If this is right, then if we’re faced with the challenge of presenting a complex argument in prose, we can help our readers by:

  • Making generous use of logical structure indicators, and trying to use a limited range of relatively standard, unambiguous ones
  • Explicitly stating more pieces of the argument
  • Trying to present the pieces in as coherent an order as possible, given the logical relationships among the pieces
  • Being aware of one’s purposes, and trying to avoid compromising the clear expression of the argument by other purposes
  • Disentangling the presentation of the argument from presentation of other material
  • Not neglecting overall argument structure while conveying the conceptual essence.

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Much of my work at the moment revolves around the notion of deliberative decision making.   In other words, this kind of thing:

The meeting in the prime minister’s Sydney office was to consider raising the stakes: should the government reverse its previous position and seek to end the interminable blame shifting by taking over all public hospitals immediately after the election, if necessary through changing the constitution?  The discussion went backwards and forwards for well over an hour.  Various other options were canvassed: taking over more hospitals that the states were running down to show how they might be run better; using the Health Care Agreements to force the states to contract out public hospital services; and directly funding hospitals to provide a particular quantum of free services to public patients; in addition to the ‘mega’ option of a full Commonwealth government takeover… An immediate Commonwealth takeover might have looked like responding to the other side.  As well, it would have provoked the Liberal Party’s ‘anti-centralism’ brigade, even though it was the states that had run hospitals from head office through giant unwieldy bureaucracies.  At that stage in the political cycle, anything dramatic would have been cast as an admission of past failure.
Tony Abbott, Battlelines, p.23

Deliberative decision making considers a range of options in terms of the various pros and cons, and attempts to determine the best option through a process of qualitative argumentation.

As opposed to what?  Here are two contrasts:

  • Intuitive decision making, where decisions are made on the basis of what “seems right” without any explicit, systematic working-through of the relevant options and considerations
  • Technical decision making, which is governed by some strict framework and in which qualitative argumentation is replaced by some kind of calculation (e.g., multi-attribute utility theory)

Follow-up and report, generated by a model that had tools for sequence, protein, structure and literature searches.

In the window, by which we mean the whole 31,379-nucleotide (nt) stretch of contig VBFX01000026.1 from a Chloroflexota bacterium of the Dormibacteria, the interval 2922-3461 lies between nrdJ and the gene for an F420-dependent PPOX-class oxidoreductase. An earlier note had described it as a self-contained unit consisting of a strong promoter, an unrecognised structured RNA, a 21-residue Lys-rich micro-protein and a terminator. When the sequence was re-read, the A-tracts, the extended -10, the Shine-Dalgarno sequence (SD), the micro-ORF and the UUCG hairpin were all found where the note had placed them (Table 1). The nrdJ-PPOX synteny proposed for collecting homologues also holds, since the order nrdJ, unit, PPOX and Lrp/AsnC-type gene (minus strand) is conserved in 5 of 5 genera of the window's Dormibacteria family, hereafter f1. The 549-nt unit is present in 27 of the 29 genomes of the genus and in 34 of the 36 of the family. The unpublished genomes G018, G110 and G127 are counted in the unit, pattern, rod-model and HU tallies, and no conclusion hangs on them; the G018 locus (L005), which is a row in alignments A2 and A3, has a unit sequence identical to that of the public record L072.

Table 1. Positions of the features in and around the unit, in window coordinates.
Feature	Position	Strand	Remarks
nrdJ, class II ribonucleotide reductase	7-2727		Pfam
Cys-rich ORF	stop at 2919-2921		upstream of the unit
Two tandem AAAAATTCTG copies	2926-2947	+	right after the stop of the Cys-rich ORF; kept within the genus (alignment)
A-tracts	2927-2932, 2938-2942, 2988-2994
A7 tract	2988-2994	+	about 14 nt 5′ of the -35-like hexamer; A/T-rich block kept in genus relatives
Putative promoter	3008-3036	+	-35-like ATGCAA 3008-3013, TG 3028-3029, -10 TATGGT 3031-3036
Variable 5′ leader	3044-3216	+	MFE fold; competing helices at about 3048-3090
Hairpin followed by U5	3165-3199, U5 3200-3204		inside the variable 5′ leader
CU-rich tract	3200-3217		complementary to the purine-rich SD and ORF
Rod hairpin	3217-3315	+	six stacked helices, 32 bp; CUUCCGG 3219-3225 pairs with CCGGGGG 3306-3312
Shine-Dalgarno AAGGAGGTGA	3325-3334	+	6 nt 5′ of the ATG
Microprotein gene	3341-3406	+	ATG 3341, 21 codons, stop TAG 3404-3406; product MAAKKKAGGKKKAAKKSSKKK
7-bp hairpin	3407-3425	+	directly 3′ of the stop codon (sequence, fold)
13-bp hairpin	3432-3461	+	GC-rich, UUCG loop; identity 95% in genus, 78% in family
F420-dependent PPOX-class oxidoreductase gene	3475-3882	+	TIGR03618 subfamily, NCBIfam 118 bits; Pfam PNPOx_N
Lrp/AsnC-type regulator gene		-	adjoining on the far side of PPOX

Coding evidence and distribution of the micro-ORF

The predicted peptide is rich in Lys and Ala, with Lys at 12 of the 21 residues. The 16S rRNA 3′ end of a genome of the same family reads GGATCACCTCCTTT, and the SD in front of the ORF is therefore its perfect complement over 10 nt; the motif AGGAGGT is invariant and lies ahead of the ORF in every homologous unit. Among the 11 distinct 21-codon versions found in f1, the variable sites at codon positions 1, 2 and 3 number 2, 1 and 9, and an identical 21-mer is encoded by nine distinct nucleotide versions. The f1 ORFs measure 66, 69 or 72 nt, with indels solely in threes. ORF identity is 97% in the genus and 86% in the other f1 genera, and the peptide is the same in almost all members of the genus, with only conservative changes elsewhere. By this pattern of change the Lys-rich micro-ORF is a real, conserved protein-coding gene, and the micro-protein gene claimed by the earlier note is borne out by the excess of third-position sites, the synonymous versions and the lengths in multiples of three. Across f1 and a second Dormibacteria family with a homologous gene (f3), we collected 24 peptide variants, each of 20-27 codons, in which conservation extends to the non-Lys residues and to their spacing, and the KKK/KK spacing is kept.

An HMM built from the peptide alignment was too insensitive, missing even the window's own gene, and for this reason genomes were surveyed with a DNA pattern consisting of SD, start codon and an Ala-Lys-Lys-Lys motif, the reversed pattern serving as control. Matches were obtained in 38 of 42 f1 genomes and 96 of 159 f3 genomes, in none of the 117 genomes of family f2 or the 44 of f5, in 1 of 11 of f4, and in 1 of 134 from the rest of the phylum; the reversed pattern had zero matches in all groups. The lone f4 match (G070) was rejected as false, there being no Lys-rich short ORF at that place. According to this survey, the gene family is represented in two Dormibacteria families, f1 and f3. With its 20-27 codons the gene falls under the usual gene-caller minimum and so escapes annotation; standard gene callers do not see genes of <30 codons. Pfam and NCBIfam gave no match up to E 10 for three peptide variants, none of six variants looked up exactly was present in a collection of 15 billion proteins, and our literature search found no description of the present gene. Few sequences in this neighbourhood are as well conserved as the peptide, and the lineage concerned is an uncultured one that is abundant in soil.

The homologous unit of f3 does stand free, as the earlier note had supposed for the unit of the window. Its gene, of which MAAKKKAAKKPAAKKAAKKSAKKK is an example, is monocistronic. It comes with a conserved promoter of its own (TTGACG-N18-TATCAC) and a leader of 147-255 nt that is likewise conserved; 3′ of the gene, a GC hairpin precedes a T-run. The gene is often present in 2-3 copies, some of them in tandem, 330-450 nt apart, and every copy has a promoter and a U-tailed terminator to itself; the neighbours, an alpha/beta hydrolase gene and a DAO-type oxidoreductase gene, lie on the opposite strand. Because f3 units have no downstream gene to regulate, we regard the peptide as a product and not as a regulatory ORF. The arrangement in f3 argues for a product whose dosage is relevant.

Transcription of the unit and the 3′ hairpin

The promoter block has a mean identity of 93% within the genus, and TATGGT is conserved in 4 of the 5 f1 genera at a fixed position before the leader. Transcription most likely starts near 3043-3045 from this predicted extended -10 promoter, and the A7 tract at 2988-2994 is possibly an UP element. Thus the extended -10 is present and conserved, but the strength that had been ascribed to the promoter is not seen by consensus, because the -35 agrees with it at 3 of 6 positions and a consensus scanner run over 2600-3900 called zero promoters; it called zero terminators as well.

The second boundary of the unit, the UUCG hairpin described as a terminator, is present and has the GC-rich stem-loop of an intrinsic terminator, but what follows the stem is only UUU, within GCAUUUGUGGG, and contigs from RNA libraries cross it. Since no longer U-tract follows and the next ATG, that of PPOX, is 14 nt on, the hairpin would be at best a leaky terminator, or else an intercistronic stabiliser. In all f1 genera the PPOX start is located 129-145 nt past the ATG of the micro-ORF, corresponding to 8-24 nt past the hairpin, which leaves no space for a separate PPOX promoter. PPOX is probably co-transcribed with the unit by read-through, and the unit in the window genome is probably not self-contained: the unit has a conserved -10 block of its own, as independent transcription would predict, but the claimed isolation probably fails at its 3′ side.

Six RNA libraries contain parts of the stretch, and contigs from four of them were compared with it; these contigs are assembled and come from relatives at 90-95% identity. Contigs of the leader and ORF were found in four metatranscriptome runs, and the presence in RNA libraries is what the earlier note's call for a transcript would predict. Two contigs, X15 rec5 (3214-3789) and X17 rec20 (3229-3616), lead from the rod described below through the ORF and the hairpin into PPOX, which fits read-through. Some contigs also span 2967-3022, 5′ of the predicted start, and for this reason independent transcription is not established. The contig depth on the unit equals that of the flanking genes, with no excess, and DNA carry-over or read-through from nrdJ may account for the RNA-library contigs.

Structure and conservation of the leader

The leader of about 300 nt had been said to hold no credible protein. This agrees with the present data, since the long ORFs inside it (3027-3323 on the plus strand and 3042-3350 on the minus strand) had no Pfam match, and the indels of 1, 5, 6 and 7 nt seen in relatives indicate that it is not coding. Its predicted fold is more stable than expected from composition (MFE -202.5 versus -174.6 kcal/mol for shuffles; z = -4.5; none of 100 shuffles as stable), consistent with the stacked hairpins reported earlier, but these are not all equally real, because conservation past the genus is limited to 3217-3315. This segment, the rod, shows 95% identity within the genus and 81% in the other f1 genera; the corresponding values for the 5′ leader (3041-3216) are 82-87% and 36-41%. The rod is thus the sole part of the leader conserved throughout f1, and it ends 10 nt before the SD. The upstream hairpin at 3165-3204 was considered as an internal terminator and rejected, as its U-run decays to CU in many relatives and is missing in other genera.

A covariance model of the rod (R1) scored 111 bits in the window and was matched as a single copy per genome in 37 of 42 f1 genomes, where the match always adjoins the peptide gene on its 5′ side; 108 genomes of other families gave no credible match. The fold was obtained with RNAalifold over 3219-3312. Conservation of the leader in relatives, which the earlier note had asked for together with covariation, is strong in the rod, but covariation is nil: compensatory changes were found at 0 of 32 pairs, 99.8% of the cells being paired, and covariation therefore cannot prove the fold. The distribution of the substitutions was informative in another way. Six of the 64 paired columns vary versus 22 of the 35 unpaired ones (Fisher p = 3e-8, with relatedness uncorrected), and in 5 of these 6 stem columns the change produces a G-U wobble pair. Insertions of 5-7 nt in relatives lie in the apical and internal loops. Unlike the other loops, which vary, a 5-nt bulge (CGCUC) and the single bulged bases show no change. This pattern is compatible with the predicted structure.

Here’s why deliberative decision making is worth working on:

  • Most important decisions (such as in the example above) are made deliberatively.
  • Often, these go wrong; often, with bad and perhaps terrible consequences.
  • Deliberative decision making can’t be replaced by other modes of decision making, such as the intuitive and technical
  • So we need to figure out how to improve deliberative decision making itself.

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This evening  I was fortunate* to meet Greg Hunt, Federal Shadow Minister for Climate Change, Environment and Water.  I mentioned how in 2003 I had used an opinion piece he had written in an exercise for undergraduate students.  The exercise involved creating a map of his argument.  He was, naturally, curious to see what such a map would look like.

* Update in 2013 – I’m now a bit embarrassed to have written that.  Greg Hunt has turned out to be (if indeed he wasn’t all along) the worst kind of politician, using lies and spin to defend the morally indefensible in craven pursuit of political power.

Background: In the leadup to the (second) Iraq war, one of the hot topics of debate was whether the proposed invasion was legal in international law.  In February 2003, a group of 43 Australian legal heavyweights published Coalition of the Willing? Make that War Criminals, arguing bluntly that the war would be illegal and that its architects (Bush, Howard, Major) would be war criminals.   One of the ringleaders in this piece was Hilary Charlesworth, who had been one of Greg Hunt’s teachers at the University of Melbourne Law School.

Greg Hunt took on the task of responding publicly.  In March 2003 he published Yes, This War is Legal.

At the time I was teaching critical thinking in the Faculty of Arts at the University of Melbourne, using the method that we developed there, which was heavily based on argument mapping and required lots of practice mapping “real world” arguments.  I could think of no topic more timely, contentious and important than the legality of the upcoming war – and conveniently we had 800 word presentations of the arguments on each side.  So it made an ideal exercise in which these “best and brightest” young students could try out their emerging argument mapping skills.

For the record, I found that these students, among the most elite in the Australian educational system, were, for the most part, unable to ascertain the actual structure of the arguments presented on either side, even after having had many weeks of argument mapping training.  They could get a rough sense of the arguments, but discerning the precise logical shape demanded considerably more expertise than they had at that time.  Consequently, they were unable to properly evaluate the arguments; most ended up siding with the position they already favoured at an emotional or ideological level.  This is just an illustration of a quite general phenomenon; on matters of any complexity, the actual arguments are simply not comprehendable by most people.  And this of course is in large part because our standard means of presenting those arguments (e.g., in 800 word written opinion pieces in the newspaper) pose immense interpretative challenges.  The problem is not so much that people are stupid, but that the task given to them is far too difficult.